Mortgage Early Cancellation Fee
Spanish mortgage lenders do not like it when a client cancels a mortgage early (for instance if they have found a cheaper mortgage). Therefore they often impose a cost on early cancellation. It is common to find early cancellation fees of 1% of the value of a Spanish mortgage, though a good broker can find you a Spanish mortgage with little or no early cancellation fee. From the client’s perspective a Spanish mortgage without this fee is preferable as it makes the Spanish mortgage more flexible.
Mortgage Partial Cancellation Fee
Some Spanish mortgage lenders try to penalise clients who pay off part of their mortgage early. This is known as partial cancellation and will often carry a financial penalty related to the amount that is paid back early.
Mortgage Subrogation Fee
If a Spanish property that has a mortgage secured against it is sold the mortgage can be either cancelled or taken over by the new owner (known as subrogation). The subrogation fee is usually paid by the new owner and is typically lower than an opening fee for a new mortgage (0.5% instead of 1%). If you are offered the possibility of subrogating a Spanish mortgage it is important to bear in mind several factors. 1, subrogating a Spanish mortgage means continuing with the existing mortgage (that means the same conditions i.e. period and interest rate). In doing so you might not be taking over the best terms available to you in the Spanish mortgage market . 2, On the other hand all of the set up costs; Notary, land registry and taxes, are lower.
Mortgage Interest Payments
If you have a Spanish mortgage you will find that your monthly mortgage repayments are comprised partly of capital repayment and partly of interest on the loan (unless you have an interest-only mortgage, which are still not very common in Spain). At the beginning of the mortgage the interest payments will be the larger of the two, but as time goes buy and you pay down the principal of the loan the interest payments will decrease in relation to the capital repayments. Interest payments are calculated as a function of the base rate set by the European central bank (Euribor). Some Spanish mortgages have a fixed rate for the first period – say the first year – and then go on to Euribor +x%. The ‘x%’ is the lender’s margin on the loan, and this will vary according to lender and client. In general the margin that Spanish mortgage lenders charge varies between 0.75% and 2.5% for variable rate loans.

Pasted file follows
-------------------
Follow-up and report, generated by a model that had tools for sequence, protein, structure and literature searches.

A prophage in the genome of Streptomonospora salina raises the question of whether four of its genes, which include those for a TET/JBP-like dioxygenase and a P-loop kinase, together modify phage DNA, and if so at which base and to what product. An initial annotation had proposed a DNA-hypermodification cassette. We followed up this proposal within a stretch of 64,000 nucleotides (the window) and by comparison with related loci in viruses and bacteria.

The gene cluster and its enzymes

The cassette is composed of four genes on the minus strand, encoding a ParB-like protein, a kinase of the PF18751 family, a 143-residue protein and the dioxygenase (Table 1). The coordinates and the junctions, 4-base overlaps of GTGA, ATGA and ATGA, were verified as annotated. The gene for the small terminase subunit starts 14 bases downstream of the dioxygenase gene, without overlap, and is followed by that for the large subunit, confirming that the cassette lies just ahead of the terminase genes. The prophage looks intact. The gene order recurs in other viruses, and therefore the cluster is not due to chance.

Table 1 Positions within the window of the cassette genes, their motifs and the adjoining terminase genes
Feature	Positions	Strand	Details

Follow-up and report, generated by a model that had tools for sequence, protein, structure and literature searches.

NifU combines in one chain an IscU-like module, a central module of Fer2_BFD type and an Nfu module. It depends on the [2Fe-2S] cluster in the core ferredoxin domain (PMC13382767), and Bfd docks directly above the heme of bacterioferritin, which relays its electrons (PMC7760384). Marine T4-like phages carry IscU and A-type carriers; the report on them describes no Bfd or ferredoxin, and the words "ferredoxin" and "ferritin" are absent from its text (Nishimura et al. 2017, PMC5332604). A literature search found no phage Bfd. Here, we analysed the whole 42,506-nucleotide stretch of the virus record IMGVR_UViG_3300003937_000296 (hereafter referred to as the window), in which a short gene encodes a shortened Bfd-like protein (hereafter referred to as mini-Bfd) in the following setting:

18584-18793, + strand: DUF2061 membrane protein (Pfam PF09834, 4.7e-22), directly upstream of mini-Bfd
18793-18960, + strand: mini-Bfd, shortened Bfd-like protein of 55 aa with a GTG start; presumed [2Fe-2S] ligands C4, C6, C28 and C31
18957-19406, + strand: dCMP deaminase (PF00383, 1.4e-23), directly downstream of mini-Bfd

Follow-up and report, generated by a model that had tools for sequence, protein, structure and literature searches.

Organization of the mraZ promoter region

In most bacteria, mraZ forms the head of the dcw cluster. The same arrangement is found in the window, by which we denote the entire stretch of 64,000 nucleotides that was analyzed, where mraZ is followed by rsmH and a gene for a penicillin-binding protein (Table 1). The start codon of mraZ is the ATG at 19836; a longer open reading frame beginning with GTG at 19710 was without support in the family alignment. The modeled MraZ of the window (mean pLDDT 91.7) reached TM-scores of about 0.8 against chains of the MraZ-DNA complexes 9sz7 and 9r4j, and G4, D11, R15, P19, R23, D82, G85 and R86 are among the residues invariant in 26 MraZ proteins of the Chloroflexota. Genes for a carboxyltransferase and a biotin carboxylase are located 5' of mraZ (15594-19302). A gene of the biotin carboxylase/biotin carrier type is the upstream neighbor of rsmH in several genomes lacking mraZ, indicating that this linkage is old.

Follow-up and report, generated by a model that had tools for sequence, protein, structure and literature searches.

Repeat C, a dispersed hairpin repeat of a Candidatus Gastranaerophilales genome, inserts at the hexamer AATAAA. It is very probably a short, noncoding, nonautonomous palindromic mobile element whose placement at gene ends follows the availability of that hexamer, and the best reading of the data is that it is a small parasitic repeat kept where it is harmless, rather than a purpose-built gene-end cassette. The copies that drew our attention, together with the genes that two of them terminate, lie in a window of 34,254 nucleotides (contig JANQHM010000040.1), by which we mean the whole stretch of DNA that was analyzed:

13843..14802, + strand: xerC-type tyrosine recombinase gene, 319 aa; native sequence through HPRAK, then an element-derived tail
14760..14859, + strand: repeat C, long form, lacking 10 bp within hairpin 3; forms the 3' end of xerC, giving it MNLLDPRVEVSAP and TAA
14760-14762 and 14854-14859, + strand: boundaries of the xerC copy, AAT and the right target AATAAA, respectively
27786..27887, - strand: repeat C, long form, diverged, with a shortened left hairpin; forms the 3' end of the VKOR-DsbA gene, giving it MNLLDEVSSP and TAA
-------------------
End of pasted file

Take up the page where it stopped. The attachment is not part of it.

Mortgage Capital Repayments
Capital repayments on a standard Spanish mortgage take place on a monthly basis and the amount depends upon the lifetime of the loan. The more years that you have to pay off the principal, the lower the monthly repayments in relation to the size of the overall mortgage. If you take out an interest only Spanish mortgage then you will not start paying back the capital until much later on (for instance after 10 years or at the end of the mortgage lifetime). The advantage of an interest-only Spanish mortgage is that monthly mortgage repayments in the short term are low. However you are not paying down the principal over time, and need to be prepared to return the capital in its entirety at the appropriate time.